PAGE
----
Far From ‘Divine’
“Divine Intervention” by Israeli Arab filmmaker EliaSuleiman is going to delight some people, anger others and put still others tosleep.
It has been embraced by European and most American criticsas a brilliant absurdist comedy, recalling the style of French director JacquesTati, and the silent movie performances of Buster Keaton and the early CharlieChaplin.
On the other hand, the New York Post described the film as”less profound than tedious,” and, judging from a living room screeningattended by my wife and two visiting, left-leaning Israelis, the Post’sappraisal will be shared by many viewers, regardless of ethnic and ideologicalaffiliation.
The 89-minute movie was scripted and filmed just before theoutbreak of the current intifada. It unfolds as an impressionistic journeythrough present-day Israel, as viewed through the eyes of Suleiman, a highlyindividualistic, secular Arab, born and raised in Nazareth, the largestpredominantly Arab city in pre-1967 Israel.
The series of blackout sketches are tenuously held togetherby a plot involving three characters: E.S., a thoroughly modern, but utterlysilent, resident of Jerusalem (portrayed by writer-director Elia Suleimanhimself); his beloved, defined only as The Woman, a strikingly beautiful journalist(Manal Khader), living on the other side of the Green Line in the West Bankcity of Ramallah; and E.S.’s dying father (Nayef Fahoum Daher) in Nazareth.
Dividing the lovers, as the incarnation of Israelidomination, is a checkpoint between Jerusalem and Ramallah, manned by soldiers.Arriving in their cars from different directions, the lovers tryst at an emptylot next to the checkpoint, where they spend a great deal of time in intricatehand-holding and utter silence.
They have plenty of time to stare at the checkpoint, whereIsraeli soldiers (played by actual army veterans) halt, pass and humiliate Arabmotorists, more or less arbitrarily.
Other scenes edge into sheer fantasies of Palestinianrevenge. E.S., who logs a lot of miles between Jerusalem, Nazareth and thecheckpoint, tosses an apricot pit out of the car window, which spectacularlyexplodes an adjacent Israeli tank.
In another scene, The Woman, looking every centimeter aFrench fashion model, flounces across the checkpoint line in front of theopen-mouthed soldiers, with their guard post collapsing as she passes.
In the final, most spectacular, scene, The Woman istransformed into a whirling Ninja, deflecting the bullets of an Israeli platoonwith a gleaming shield in the shape of pre-1948 Palestine, and casuallydestroying a helicopter.
While Suleiman has no love for the Jewish occupiers, histake on his fellow Arabs is hardly more flattering.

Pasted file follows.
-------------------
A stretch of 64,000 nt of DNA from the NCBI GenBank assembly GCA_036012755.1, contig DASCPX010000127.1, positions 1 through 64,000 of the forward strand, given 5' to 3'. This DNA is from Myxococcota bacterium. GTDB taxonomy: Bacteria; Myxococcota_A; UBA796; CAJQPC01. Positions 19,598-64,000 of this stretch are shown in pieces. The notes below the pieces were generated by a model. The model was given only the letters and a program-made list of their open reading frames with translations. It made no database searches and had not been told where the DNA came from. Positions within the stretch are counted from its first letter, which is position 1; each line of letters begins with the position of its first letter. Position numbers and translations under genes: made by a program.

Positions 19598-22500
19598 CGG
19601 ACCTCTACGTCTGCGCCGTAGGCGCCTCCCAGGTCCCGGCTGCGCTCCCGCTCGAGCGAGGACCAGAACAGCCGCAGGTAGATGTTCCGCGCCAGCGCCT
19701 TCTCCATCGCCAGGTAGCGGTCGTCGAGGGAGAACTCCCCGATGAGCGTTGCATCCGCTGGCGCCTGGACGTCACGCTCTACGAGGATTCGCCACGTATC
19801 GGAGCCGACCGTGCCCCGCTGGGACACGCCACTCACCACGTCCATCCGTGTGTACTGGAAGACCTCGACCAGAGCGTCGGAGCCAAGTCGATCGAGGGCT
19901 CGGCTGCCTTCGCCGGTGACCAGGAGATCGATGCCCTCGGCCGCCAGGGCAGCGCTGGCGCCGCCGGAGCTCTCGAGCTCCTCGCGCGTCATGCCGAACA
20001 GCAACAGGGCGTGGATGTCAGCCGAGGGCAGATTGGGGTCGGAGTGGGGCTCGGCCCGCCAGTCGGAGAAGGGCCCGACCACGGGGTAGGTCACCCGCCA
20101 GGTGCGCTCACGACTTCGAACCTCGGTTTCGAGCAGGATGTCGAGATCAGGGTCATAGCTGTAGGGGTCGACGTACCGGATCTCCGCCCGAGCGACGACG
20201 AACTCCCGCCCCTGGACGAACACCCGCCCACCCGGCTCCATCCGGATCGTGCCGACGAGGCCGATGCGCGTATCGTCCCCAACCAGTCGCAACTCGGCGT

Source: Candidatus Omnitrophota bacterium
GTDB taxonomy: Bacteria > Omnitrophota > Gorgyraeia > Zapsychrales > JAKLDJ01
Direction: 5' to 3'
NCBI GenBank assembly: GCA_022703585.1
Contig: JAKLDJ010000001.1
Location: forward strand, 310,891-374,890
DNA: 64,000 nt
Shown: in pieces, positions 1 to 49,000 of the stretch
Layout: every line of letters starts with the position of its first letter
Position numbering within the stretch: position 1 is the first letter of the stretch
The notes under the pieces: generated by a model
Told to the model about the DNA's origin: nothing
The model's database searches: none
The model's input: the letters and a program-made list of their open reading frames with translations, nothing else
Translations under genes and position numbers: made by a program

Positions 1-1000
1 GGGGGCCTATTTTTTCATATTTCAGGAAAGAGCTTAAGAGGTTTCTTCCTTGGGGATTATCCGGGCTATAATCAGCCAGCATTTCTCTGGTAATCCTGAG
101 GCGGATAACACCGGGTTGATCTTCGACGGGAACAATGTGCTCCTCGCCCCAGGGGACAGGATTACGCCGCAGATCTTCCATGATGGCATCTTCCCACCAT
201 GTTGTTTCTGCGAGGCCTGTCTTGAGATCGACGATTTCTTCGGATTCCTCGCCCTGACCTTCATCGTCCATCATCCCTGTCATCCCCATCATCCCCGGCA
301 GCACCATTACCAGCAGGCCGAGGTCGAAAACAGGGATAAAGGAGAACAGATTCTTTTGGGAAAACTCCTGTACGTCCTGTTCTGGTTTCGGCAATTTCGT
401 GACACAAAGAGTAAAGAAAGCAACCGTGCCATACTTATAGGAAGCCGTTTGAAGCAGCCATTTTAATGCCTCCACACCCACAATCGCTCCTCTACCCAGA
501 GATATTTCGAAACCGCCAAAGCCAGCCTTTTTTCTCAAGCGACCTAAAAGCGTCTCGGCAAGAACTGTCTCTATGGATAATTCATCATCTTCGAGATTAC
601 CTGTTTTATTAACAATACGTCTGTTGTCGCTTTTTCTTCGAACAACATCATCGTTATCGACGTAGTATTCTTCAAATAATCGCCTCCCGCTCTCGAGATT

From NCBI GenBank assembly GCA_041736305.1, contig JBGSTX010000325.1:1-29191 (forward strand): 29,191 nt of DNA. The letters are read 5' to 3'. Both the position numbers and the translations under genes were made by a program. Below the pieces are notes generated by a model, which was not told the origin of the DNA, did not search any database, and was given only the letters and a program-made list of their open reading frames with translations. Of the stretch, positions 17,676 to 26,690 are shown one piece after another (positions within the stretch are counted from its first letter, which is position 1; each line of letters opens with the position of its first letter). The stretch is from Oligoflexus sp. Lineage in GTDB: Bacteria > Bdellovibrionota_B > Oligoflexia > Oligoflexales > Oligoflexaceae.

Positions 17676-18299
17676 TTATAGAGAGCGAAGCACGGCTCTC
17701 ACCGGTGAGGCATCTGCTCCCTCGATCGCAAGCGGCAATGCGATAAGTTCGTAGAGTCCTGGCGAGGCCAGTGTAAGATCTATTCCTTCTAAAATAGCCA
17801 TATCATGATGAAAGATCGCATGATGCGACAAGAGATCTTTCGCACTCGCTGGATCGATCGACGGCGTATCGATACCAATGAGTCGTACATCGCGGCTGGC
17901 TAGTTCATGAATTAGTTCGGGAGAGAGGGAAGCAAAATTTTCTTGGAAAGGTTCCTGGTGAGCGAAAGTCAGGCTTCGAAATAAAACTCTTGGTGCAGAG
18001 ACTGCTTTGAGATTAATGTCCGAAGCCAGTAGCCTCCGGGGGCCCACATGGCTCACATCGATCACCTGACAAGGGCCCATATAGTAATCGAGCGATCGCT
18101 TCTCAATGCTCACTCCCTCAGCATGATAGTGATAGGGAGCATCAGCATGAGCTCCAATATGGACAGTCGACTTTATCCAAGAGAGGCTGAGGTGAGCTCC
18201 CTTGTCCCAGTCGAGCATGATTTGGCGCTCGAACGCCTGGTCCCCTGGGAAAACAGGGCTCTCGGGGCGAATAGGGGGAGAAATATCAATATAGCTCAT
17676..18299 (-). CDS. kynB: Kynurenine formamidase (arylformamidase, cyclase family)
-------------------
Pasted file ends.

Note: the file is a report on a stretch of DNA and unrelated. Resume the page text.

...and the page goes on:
Speaking of his fellow Nazareth residents, Suleiman hasdescribed them as “occupied, not militarily, but psychologically. There is atotal disintegration of any form of social communication or harmony amongthem.”
Indeed, they spend a great deal of time throwing garbageinto each other’s backyard, chain-smoking cigarettes, and cursing each other(and, according to connoisseurs, Arab curses are the most pungent of all).
“Divine Intervention,” in Arabic with some Hebrew and withEnglish subtitles, is billed as a “France/Palestine co-production,” and hasbeen received with high praise by European critics and cineastes.
The movie won two of the top prizes at last year’s CannesFilm Festival and another at the European Film Awards, beating out “My Big FatGreek Wedding.”
“Divine Intervention” has also been the focus ofcontroversy. Its promoters claim that the Academy of Motion Picture Arts andSciences rejected it as a contender for best foreign-language movie honors onthe grounds that Palestine is not a recognized country.
Academy spokesman John Pavlik noted that the film was neversubmitted for Oscar contention, and therefore was never considered or rejected.
The American-Arab Anti-Discrimination Committee has hinteddarkly that pro-Israel forces in Hollywood may have been behind thecontroversy.
Shown at various film festivals in this country, the moviehas been praised by most critics, less for its political message than for itsminimalist style and black comedy. It is questionable whether these attributes,as well as the film’s glacial pace, will appeal to less aesthetic moviegoers.
Interestingly enough, Suleiman’s previous film, the alsosemiautobiographical “Chronicle of a Disappearance,” was banned in Arabcountries.
That film’s final, and offending, scene, which the42-year-old director said was misinterpreted, showed an old Palestinian mansleeping in front of a TV screen with an Israeli flag flying high to thestrains of “Hatikvah.”
“I was termed a collaborator and a Zionist,” Suleimanrecalled. “I was booed in the screening room and tabooed in the Arab world.”
In an earlier interview, Suleiman, who now makes his home inParis and Jerusalem, had this to say about his work: “My films are first anexpression of who I am — a little distant, a little alienated, very sad. And,at the same time, very humorous. Very Jewish, really.”
“Divine Intervention” opens March 14 at the Laemmle MusicHall Theatre in Beverly Hills, (310) 274-6869; Laemmle’s Playhouse in Pasadena,(626) 844-6500; University Cinema in Irvine, (949) 854-8811; and MetropolitanTheatres in Santa Barbara, (805) 963-9503.